The deal is simple: I marry your sister and you marry mine. No dowry necessary. But if one marriage fails, the other must end as well.
Such is Sheghar, or swap marriage, a widely practised tradition in impoverished Yemen. Beyond tying the knot between two people, it links the future of two families in a potentially disastrous arrangement.
In a country where child marriages remain customary, swap marriage is also rife, particularly in rural areas of the Arabian Peninsula nation, despite the often destructive consequences of the practice.
Muslim scholars have ruled that Sheghar marriage is not Islamic, but many in Yemen's conservative society believe that it cements family ties, and keeps the inheritance within the family as most swaps take place between relatives.
Ahmed Abdullah, 70, described swap marriage as a "marriage of regret" as he painfully narrated the story of his son who could not cope with losing his wife over his sister's divorce.
"I agreed with my dearest friend to arrange a marriage for our two sons in this way ... After two years, my daughter and her husband could not get on well," which led to her returning to her parents' home, he said.
"The moment she returned, my son's wife left his house. The problem is that he really loved her," he said, adding that eventually both couples were forced to divorce.
"My son lost his mind because of the pressure we put on him to divorce his wife," he said.
One of the reasons leading to the spread of swap marriages in rural areas is the lack of education for women who remain too weak to reject the will of their male-dominated families.
Most women in Yemen do not have the option of disobeying the family because that would amount to challenging the whole clan, which is far more concerned about preserving its honour than it is about the life of a woman on the verge of losing her family.
Ali and Nasser married each other's sisters. After several years, Ali divorced his wife. But when his sister refused to leave Nasser, her family and cousins stormed her house and forced Nasser to divorce her.
The dispute led to armed clashes between the two families which resulted in the death of Nasser's brother-in law
"The revenge is yet to be settled between the two families," said Saeed al-Waeli, a relative of the victim.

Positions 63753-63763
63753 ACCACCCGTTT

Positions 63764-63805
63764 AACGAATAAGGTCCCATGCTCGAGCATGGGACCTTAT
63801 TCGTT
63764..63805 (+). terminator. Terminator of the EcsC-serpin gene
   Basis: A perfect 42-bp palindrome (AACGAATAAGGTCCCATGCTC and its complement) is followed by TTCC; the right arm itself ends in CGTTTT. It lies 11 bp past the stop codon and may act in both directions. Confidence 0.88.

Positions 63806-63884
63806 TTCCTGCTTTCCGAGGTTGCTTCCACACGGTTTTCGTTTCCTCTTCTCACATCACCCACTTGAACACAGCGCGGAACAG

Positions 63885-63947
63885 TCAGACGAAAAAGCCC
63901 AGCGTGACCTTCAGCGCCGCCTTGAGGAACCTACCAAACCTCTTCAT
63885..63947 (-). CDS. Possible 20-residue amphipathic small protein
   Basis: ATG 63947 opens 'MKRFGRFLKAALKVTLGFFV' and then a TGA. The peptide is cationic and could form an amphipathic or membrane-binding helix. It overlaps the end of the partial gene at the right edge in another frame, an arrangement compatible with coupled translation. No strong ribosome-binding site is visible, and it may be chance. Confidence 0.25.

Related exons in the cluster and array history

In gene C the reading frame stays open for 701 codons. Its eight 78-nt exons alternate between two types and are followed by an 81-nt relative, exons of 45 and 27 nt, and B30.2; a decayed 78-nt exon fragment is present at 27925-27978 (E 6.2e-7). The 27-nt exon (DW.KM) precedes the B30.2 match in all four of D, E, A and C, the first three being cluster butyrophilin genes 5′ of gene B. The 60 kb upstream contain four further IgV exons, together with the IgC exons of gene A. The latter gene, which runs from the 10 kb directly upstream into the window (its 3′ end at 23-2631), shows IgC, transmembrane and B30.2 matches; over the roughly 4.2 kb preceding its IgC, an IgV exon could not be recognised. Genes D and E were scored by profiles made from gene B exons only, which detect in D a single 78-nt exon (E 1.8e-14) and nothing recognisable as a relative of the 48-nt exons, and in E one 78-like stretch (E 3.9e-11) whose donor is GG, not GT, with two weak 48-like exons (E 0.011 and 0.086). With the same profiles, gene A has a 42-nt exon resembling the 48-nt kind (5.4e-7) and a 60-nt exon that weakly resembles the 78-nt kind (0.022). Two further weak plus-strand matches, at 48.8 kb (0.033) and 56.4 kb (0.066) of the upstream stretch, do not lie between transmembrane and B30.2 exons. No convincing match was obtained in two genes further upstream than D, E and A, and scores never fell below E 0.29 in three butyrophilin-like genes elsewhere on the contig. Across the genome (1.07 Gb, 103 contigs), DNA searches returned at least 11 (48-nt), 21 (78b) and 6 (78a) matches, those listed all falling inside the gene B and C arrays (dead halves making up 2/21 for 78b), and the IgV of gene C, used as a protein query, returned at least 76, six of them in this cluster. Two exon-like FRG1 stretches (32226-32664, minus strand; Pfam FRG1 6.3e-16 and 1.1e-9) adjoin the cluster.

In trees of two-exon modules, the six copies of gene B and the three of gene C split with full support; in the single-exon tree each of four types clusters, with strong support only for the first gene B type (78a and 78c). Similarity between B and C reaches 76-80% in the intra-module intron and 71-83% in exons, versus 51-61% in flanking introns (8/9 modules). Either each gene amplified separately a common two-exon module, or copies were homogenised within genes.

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Swap marriages are not reserved for the poor and illiterate in Yemen. College graduates may also be forced into them.
Thirty-five-year old university graduate Mohammed Saeed said that although he was fully aware of the dangers of swap marriages, he was forced into one by his family so that his older sister could be married.
"My parents realised that they could hit two birds with one stone," he said.
"I suffered endless problems for seven years, and so did my sister. When I couldn't bear it any longer I divorced my wife. She took my son and daughter with her. I haven't seen them in four years," he said.
"My sister also returned to her parents' place along with her three children," he added.
Sociologist Amani Maysari argues that the spread of Sheghar marriage is because of "exaggerated dowries."
"Increased poverty, as well as the rise in marriage costs, force some families into swap marriages," she said.
Human rights minister Huriya Mashhour agreed that high dowries were a main motive behind swap marriages, pointing out that families see it as a "solution for those who cannot afford the cost of marriage."
She underscored the dilemma that women in such marriages face.
"The woman loses her right to receive a dowry, and if her counterpart gets divorced, she finds herself in the same situation as her family collapses," she said.
But Mashhour also played down the spread of this type of marriage, saying that studies prove that it takes place mainly in rural areas.
"The percentage doubles in rural areas because of traditions," she said.
Islamic jurist Mohammed al-Omrani said that Sheghar marriage does not abide by the rules of Islam.
"When a wife can be divorced only because the other woman got divorced ... This means this marriage is haram (prohibited)," he said.